Then you look to see how you might remove these obstacles – get someone to help you, take on less things, find a way to have quiet time before the family wakes up, hide your phone in the evening so you make more use of your quiet time.


Or you might decide that this isn’t going to work and you try something else that would make you less tired.


2. Be creative


I’m asking you to be creative about how you might remove those obstacles.

It’s different for everyone. I once spoke with a mother and thought the answer was probably that she needed to go to bed earlier. But I asked what she thought might work for her. And she came up with her own solution to make sure she stopped during the day for a cup of tea at regular times so that she had energy for those last hours of the day when her family were always at their tiredest. Brilliant.


3. Practice for 21+ days


Focus on it for 21 days (enough time to make a new habit) to 66 days (when they say a new habit will be integrated). It’s hard to establish new habits, so maybe make a visual calendar where you can mark them off, or use a Habits trackers on your phone.


4. Don’t forget – practice patience with ourselves


Try to be a little patient with ourselves along the way. Show ourselves a little kindness, a little compassion and nurture our little child. Sometimes I like to ask myself what is hurting? Why am I being triggered? Is it something I need to work on myself?


And to give myself a little patience that these things take time. We are never going to be perfect parents. We can model apologizing when we get it wrong. We can say, “This is what I should have said…”/“This is what I should have done.


Want to know what I am practicing?


To be honest, I am quite a patient person by nature. And I have been meditating regularly (albeit lying in my bed first thing in the morning) since 2015, have a pretty regular morning and evening ritual, and my children are now older teenagers.


But I still like to practice and the thing I am focusing on right now is to check in during the day with my breath. To connect with myself. It’s easy to get swept up in what everyone wants from us.


So something I learned from the free home retreat I followed with @slowescapes is to take a small pause when I finish something – moving from breakfast to get dressed…pause…breathe…connect. Get dressed to the first thing of the day…pause…breathe. Finish my newsletter…pause…breathe.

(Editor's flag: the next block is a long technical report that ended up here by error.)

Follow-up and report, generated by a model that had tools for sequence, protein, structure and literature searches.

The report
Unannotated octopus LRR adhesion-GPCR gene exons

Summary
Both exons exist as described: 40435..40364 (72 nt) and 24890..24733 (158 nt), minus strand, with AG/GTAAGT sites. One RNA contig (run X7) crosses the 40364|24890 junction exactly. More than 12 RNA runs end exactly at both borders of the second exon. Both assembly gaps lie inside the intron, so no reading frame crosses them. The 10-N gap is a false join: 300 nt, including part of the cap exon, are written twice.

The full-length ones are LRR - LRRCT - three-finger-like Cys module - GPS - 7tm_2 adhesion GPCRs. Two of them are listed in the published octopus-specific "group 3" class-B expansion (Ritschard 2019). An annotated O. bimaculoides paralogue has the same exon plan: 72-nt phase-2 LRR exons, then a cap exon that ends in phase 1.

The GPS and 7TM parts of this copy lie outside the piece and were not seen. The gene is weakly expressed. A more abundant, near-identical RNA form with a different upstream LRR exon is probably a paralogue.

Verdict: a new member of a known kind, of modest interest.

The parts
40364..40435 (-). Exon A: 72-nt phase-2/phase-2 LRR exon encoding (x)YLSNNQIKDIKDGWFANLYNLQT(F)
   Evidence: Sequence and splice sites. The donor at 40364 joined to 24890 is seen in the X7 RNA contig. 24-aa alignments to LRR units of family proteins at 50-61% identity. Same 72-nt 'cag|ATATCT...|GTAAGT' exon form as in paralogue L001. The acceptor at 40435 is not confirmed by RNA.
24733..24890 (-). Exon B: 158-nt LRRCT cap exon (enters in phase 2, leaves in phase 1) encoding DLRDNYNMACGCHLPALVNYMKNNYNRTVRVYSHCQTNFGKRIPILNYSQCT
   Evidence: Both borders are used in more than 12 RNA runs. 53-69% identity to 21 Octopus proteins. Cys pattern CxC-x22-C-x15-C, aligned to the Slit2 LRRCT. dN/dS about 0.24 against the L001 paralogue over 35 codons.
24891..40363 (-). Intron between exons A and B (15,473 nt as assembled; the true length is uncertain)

After 10 days, I notice I’m a little more mindful (still a work in progress), I choose the next thing more intentionally, the days feel slower and more enjoyable, and I’m a lot more grounded.


Some ideas to get you started

Why we are impatient…

What we can do about it…


We are tired

  • Go to bed earlier

  • Treat any sleep apnea that affects the quality of our sleep

  • Remove phones from the bedroom – use an old-fashioned alarm clock

We have adult expectations

  • We can go slower

  • We can have age-appropriate expectations

  • We can put ourselves in our child’s shoes to see their perspective

We are late

  • Wake up earlier than the rest of the family to get ready in peace and be available to help when needed

  • Avoid over-scheduling

  • Don’t say yes to things you don’t want to do

  • Plan to arrive 15 minutes early to allow a buffer and get a coffee on the way if you are early

Toddlers are so slow

  • Make a cup of tea to drink OR put on music you like OR burn some oil etc while your toddler gets dressed, has a bath etc.

  • Count rosary beads like Dr Montessori did to stop herself from stepping in too soon

  • Allow lots of time!

  • Do some observation while you are waiting

Toddlers are inefficient

  • Understand that they are not trying to wind you up – they are living in the present moment. For example, a toddler will often peel off a bit of banana skin and take it to the bin, then come back peel off another piece, come back to the bin, etc.

  • Don’t waste your energy to explain how they can be more efficient

We are burned out

  • Get some help to look after the kids

  • Have a bath every night

  • Fill up your own cup with things you enjoy – eg, a night alone, a night with friends, call a friend, eat chocolate, read a book that’s not about kids

We are not present

  • Practice meditation and being more mindful

  • Practice gratitude for what you already have

  • Take on less

  • Own our choices – change what you can + accept what you can’t change

I hope this inspires you to try something too. It doesn’t have to be perfect. We are just trying to make things easier on ourselves. And bring more joy back into our parenting and our lives.

I’d love to hear if you try it out. And if you find yourself a little bit more at peace with the world.


Tags: Being more patient with our children (and ourselves)